ado

Definition from Wiktionary, the free dictionary
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See also: ADO, Ado, adó, adö, and -ado

English[edit]

Etymology[edit]

From Northern Middle English at do (to do), infinitive of do, don (to do), see do. Influenced by an Old Norse practice of marking the infinitive by using the preposition at, att (compare Danish at gå (to go)). More at at, do.

Pronunciation[edit]

  • IPA(key): /əˈduː/
    • (file)
  • Rhymes: -uː

Noun[edit]

ado (uncountable)

  1. trouble; troublesome business; fuss, commotion
    • c. 1596–1598, William Shakespeare, “The Merchant of Venice”, in Mr. William Shakespeares Comedies, Histories, & Tragedies [] (First Folio), London: [] Isaac Iaggard, and Ed[ward] Blount, published 1623, OCLC 606515358, [Act I, scene i]:
      Antonio:In sooth, I know not why I am so sad.
      It wearies me; you say it wearies you;
      But how I caught it, found it, or came by it,
      What stuff 'tis made of, whereof it is born,
      I am to learn;
      And such a wantwit sadness makes of me,
      That I have much ado to know myself.
    • 1902, William James, The Varieties of Religious Experience:
      Probably a crab would be filled with a sense of personal outrage if it could hear us class it without ado or apology as a crustacean, and thus dispose of it. “I am no such thing,” it would say; “I am myself, myself alone.”
    Synonyms: see Thesaurus:commotion

Usage notes[edit]

Ado is mostly used in set phrases, such as without further ado or much ado about nothing.

Translations[edit]

The translations below need to be checked and inserted above into the appropriate translation tables, removing any numbers. Numbers do not necessarily match those in definitions. See instructions at Wiktionary:Entry layout § Translations.

References[edit]

Anagrams[edit]


Afar[edit]

Alternative forms[edit]

  • (Southern dialects) aadó

Pronunciation[edit]

  • IPA(key): /ʌˈdo/
  • Hyphenation: a‧do

Noun[edit]

adó f 

  1. (Northern dialects) generation
  2. (Northern dialects) era

Declension[edit]

Declension of adó
absolutive adó
predicative adó
subjective adó
genitive adó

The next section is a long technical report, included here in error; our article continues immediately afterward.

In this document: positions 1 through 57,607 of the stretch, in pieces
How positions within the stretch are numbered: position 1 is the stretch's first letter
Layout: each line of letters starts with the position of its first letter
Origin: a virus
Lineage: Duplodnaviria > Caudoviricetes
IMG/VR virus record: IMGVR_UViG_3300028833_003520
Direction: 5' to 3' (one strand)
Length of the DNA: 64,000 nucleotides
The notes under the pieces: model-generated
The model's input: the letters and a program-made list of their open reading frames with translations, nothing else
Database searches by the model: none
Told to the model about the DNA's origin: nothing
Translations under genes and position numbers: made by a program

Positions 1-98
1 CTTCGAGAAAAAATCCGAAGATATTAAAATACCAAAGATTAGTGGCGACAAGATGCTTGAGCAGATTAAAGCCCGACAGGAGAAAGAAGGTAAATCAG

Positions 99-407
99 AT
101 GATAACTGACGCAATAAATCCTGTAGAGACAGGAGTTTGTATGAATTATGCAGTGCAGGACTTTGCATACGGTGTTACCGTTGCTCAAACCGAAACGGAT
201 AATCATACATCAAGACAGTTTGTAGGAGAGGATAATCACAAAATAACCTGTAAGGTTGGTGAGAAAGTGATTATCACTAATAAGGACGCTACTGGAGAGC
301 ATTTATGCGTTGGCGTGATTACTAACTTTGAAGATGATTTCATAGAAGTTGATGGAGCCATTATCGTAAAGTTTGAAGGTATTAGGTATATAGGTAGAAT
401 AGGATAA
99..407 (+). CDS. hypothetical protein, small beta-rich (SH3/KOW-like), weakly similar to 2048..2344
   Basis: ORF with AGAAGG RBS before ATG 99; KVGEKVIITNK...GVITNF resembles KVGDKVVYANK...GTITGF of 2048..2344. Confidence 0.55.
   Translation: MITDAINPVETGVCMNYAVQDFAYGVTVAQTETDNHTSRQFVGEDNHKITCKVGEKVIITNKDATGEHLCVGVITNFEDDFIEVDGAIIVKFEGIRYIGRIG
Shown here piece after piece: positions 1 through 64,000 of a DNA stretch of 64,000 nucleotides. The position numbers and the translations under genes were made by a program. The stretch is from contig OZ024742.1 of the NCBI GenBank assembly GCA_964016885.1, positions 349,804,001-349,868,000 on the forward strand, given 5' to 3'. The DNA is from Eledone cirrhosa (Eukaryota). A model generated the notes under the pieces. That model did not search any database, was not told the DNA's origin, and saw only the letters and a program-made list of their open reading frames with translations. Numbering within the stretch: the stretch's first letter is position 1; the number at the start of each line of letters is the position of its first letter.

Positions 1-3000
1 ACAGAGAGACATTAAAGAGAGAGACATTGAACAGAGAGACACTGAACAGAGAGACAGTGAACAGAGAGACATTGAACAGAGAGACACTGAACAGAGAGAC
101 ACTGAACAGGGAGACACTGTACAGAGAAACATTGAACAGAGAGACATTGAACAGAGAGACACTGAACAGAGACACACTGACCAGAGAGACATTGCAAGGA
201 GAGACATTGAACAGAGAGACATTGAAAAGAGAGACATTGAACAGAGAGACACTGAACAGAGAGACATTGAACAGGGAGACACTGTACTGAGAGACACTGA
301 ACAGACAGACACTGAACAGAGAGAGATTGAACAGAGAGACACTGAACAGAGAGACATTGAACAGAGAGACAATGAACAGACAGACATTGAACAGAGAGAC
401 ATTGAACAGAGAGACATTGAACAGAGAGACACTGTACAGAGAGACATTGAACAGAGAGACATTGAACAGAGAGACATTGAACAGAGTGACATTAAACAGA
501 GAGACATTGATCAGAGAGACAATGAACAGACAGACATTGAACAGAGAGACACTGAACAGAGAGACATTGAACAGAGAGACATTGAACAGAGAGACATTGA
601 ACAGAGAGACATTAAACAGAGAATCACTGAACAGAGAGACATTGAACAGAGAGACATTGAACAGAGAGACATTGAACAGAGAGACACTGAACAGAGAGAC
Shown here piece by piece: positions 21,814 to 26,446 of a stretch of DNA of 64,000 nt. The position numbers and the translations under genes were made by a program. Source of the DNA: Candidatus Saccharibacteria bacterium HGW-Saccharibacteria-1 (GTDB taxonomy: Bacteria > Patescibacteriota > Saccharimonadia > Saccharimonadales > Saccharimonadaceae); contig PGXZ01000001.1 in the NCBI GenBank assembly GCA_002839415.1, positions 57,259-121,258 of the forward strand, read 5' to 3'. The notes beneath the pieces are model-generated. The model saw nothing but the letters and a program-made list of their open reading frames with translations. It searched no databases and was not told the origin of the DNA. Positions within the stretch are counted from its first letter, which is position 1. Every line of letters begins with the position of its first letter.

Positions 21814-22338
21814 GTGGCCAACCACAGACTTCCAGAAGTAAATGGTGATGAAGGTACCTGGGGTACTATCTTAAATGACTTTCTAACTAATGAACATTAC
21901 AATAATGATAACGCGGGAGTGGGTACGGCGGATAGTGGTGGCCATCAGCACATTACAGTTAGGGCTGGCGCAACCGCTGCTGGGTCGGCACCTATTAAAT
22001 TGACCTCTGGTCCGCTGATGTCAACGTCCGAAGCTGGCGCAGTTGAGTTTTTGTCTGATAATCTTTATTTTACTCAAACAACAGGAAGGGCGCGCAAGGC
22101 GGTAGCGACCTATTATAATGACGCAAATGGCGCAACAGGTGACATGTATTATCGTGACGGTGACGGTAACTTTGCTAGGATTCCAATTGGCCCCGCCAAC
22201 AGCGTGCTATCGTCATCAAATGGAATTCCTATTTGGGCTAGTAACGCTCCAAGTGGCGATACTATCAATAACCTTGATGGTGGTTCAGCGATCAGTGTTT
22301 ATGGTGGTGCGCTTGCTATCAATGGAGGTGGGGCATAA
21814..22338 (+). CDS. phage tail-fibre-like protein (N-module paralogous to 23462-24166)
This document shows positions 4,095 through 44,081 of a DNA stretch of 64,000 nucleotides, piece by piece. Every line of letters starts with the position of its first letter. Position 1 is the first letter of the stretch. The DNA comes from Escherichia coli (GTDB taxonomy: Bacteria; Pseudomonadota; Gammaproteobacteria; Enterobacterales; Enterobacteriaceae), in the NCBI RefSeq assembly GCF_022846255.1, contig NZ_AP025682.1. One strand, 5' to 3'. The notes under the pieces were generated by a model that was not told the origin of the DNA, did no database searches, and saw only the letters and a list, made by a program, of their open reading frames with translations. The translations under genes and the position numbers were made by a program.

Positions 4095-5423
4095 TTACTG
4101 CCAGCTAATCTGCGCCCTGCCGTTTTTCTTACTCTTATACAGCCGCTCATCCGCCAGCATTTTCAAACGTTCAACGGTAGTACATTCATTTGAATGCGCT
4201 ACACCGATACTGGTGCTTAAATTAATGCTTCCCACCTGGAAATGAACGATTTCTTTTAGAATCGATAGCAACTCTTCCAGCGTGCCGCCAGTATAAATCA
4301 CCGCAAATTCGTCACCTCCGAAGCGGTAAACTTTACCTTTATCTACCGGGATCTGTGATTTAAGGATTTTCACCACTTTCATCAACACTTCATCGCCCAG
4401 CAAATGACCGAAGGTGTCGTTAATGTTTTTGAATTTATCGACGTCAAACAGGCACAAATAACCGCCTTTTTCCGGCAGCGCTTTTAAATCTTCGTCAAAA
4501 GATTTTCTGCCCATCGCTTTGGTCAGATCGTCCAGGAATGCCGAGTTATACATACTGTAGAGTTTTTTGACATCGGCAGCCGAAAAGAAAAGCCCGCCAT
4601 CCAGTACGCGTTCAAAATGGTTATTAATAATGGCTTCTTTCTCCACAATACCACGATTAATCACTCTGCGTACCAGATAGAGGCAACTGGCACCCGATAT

Postpositioned forms
l-case adól
k-case adók
t-case adót
h-case adóh

References[edit]

  • E. M. Parker; R. J. Hayward (1985), “ado”, in An Afar-English-French dictionary (with Grammatical Notes in English), University of London, →ISBN

Ambonese Malay[edit]

Lemma[edit]

ado

  1. expression of annoyance

French[edit]

Etymology[edit]

Clipping of adolescent.

Pronunciation[edit]

Noun[edit]

ado m or f (plural ados)

  1. (colloquial) teen, teenager

Maquiritari[edit]

Etymology[edit]

Borrowed from Spanish arroz.

Pronunciation[edit]

Noun[edit]

ado

  1. rice

References[edit]

  • Cáceres, Natalia (2011), “ado”, in Grammaire Fonctionnelle-Typologique du Ye’kwana, Lyon

Pali[edit]

Alternative forms[edit]

Verb[edit]

ado

  1. second-person singular aorist active of dadāti (to give)

Scots[edit]

Verb[edit]

ado

  1. Alternative form of adae

Noun[edit]

ado (plural adoes)

  1. Alternative form of adae

References[edit]


Sidamo[edit]

Ado.

Etymology[edit]

From Proto-Cushitic. Cognates include Burji ada, Hadiyya ado and Kambaata ado.

Pronunciation[edit]

  • IPA(key): /ˈado/
  • Hyphenation: a‧do

Noun[edit]

ado f (uncountable)

  1. milk

References[edit]

  • Kazuhiro Kawachi (2007) A grammar of Sidaama (Sidamo), a Cushitic language of Ethiopia, page 62
  • Gizaw Shimelis, editor (2007), “ado”, in Sidaama-Amharic-English dictionary, Addis Ababa: Sidama Information and Culture department

Ternate[edit]

Pronunciation[edit]

Verb[edit]

ado

  1. (intransitive) to arrive

Conjugation[edit]

Conjugation of ado
Singular Plural
Inclusive Exclusive
1st toado foado miado
2nd noado niado
3rd Human oadom, moadof iado, yoado
Non-human iado iado, yoado
* m - masculine, f - feminine, - archaic

References[edit]

  • Rika Hayami-Allen (2001) A descriptive study of the language of Ternate, the northern Moluccas, Indonesia, University of Pittsburgh